[About Us] Message from the President

On the 50th Anniversary of
the Japan Neuroscience Society

Koji Yamanaka
President, The Japan Neuroscience Society
(Nagoya University)
About a year has passed since I was appointed as President of the Japan Neuroscience Society (JNS). During this time, we have experienced many changes, including the introduction of the Councilor system, the holding of the Councilor General Assembly, and the change in fiscal year, in conjunction with the Society's transition to a general incorporated association. I would like to express my deep appreciation for the support and understanding of our members.
First, with the transition to a general incorporated association, important matters of the Society (budget, etc.) will be deliberated at the Councilor General Assembly. In order to reflect diverse opinions to the management of the Society, councilors have been elected from the members with diverse backgrounds. Young and mid-career councilors and members have been appointed as members of various committees, and the next-generation members are actively participating in the management of the Society. Second, we are negotiating with a publisher to renew the contract for our Society journal, Neuroscience Research (NSR), and are currently at the final stages of negotiations. In light of a recent trend in international journals, NSR has decided to move to an open-access journal. We will be able to announce details soon. Furthermore, JNS considers international collaboration as one of the important missions. Dr. Yukiko Goda has been appointed to the Asia-Pacific Regional Committee of IBRO and the Board of Directors of the Society for Neuroscience (SfN), and Dr. Haruhiko Bito has been appointed as the SfN Program Committee Chair. I hope that our society will continue to strengthen international collaboration as a counterpart to these societies. To be "Our Neuroscience Society", I will continue to listen to your voices and improve our society so that JNS is meaningful to each member and contributes to the further development of neuroscience. We appreciate your continuous support.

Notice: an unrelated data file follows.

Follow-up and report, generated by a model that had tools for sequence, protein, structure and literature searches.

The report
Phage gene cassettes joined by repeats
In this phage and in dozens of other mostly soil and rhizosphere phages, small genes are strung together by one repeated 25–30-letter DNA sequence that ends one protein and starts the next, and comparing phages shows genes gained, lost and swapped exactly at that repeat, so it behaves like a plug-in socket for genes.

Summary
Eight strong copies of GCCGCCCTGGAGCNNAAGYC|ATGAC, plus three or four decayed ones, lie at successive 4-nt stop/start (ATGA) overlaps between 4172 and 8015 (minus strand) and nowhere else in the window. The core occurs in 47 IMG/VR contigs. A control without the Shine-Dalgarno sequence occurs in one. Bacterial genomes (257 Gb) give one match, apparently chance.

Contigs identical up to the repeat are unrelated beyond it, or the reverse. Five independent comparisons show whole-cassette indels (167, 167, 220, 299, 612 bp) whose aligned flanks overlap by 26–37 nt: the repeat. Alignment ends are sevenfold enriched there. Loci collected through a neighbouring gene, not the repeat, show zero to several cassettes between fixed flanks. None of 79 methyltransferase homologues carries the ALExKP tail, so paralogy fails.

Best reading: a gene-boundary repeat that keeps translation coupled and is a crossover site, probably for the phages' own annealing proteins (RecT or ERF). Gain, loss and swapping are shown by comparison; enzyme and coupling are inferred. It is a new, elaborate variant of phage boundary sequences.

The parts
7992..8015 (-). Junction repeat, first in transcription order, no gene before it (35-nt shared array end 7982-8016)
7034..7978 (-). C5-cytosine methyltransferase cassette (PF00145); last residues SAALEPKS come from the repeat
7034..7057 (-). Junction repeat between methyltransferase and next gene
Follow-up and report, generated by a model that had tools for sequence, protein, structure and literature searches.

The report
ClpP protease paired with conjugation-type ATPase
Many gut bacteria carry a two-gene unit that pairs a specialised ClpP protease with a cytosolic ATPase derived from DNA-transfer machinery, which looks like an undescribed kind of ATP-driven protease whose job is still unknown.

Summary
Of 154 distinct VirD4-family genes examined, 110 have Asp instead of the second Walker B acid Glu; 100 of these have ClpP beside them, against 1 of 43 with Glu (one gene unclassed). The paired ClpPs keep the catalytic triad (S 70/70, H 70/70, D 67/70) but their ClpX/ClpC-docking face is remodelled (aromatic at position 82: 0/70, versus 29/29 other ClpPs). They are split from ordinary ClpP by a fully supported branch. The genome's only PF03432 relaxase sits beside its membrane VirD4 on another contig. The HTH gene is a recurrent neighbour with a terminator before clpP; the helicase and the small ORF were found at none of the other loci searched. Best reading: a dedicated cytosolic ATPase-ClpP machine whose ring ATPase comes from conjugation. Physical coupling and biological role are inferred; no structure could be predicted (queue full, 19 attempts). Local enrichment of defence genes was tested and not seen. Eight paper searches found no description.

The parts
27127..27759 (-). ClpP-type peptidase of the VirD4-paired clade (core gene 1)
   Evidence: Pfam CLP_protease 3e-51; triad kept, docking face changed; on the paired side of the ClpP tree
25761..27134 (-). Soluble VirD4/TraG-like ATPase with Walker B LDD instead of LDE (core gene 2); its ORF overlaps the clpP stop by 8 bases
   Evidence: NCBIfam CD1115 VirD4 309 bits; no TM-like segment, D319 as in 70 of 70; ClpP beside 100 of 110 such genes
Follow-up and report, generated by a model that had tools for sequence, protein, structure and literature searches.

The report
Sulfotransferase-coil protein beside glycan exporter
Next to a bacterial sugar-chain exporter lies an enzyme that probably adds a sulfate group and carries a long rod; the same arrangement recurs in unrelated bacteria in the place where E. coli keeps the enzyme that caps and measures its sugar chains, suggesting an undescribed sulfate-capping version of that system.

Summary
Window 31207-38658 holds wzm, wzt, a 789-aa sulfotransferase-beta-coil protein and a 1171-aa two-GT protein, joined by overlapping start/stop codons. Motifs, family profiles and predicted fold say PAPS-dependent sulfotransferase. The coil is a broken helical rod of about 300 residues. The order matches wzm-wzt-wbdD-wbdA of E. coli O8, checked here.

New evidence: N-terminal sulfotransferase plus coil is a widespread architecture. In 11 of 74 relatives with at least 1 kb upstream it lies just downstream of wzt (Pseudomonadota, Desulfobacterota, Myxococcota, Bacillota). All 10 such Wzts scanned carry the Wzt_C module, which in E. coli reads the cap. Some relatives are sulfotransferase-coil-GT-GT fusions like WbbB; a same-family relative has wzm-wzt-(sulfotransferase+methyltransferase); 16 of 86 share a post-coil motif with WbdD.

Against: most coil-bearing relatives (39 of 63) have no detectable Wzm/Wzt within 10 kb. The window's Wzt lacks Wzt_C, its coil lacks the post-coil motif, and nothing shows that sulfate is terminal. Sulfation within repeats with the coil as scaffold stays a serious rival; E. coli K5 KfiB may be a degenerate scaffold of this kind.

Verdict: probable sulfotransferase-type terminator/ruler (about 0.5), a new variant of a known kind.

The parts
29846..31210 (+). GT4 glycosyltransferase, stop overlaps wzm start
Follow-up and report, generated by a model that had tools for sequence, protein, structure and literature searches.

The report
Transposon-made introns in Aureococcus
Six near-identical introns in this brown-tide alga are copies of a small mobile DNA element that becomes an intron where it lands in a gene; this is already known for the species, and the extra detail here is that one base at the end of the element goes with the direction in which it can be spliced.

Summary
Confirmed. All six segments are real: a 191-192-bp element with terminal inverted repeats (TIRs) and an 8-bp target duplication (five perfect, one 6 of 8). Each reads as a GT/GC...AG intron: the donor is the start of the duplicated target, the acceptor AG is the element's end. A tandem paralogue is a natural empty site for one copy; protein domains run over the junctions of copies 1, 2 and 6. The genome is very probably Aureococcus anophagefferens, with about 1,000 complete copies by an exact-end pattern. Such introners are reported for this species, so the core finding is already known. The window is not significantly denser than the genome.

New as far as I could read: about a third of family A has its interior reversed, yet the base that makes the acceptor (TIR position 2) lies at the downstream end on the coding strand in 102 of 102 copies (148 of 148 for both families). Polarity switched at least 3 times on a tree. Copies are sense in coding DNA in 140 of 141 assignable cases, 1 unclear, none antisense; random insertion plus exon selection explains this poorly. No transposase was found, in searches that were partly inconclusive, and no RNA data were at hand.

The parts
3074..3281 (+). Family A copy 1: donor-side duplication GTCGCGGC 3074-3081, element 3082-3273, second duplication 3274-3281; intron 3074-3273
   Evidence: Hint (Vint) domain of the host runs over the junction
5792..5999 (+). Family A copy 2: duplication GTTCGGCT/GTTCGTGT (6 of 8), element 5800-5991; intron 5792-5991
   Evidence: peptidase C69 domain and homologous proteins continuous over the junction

I hope you were able to attend the 46th Annual Meeting of the JNS held in Sendai from August 1 to 4, 2023. Although the COVID-19 pandemic has brought us more efficient means such as online meetings and others, the normalization of the annual meeting provided us with an important opportunity for in-depth face-to-face discussions, communication, and interaction. The 47th Annual Meeting of the JNS (Neuro2024, Fukuoka, Japan) will be held on July 24-27, 2024. Neuro2024 will be the joint meeting with the Japanese Society for Neurochemistry and the Japanese Society of Biological Psychiatry, the 8th FAONS (Federation of Asian and Oceanian Neuroscience Congress). Many neuroscientists from Japan and abroad will attend. We hope that many of our members will participate in the congress and make it a lively event.
This year marks the 50th anniversary since the Society was founded in 1974 as "The Japan Neuroscience Association" (for the history of the Society, please refer to the Society's website "About the JNS" (https://www.jnss.org/en/about)). We are planning 50th anniversary events from 2024 to 2025, many of which will be organized in conjunction with the annual meeting. I hope that members will take the opportunity to reflect on the past and future of our Society and neuroscience. Rather than discussing the history of the Society, I would like to take this opportunity to expect the future of neuroscience. In 2050, the population in Japan is expected to decline by about 30%, and the working-age and young populations are expected to decrease significantly, which will require a drastic change in the social system, including measures to address the shortage of manpower. Unmanned and automated operations using artificial intelligence (AI) and digital technologies are expected to be one such measure, and the fields of education and research will also undergo major changes. The development of neuroscience through various technological innovations is expected to advance the elucidation of the principles of brain structure and function and the cure of brain diseases. I believe that the importance of understanding the nature of the brain, which defines our identity as human beings, will increase. I hope that the JNS will continue to develop sustainably and remain a central part of the community of neuroscientists working on these issues in the future.
April, 2024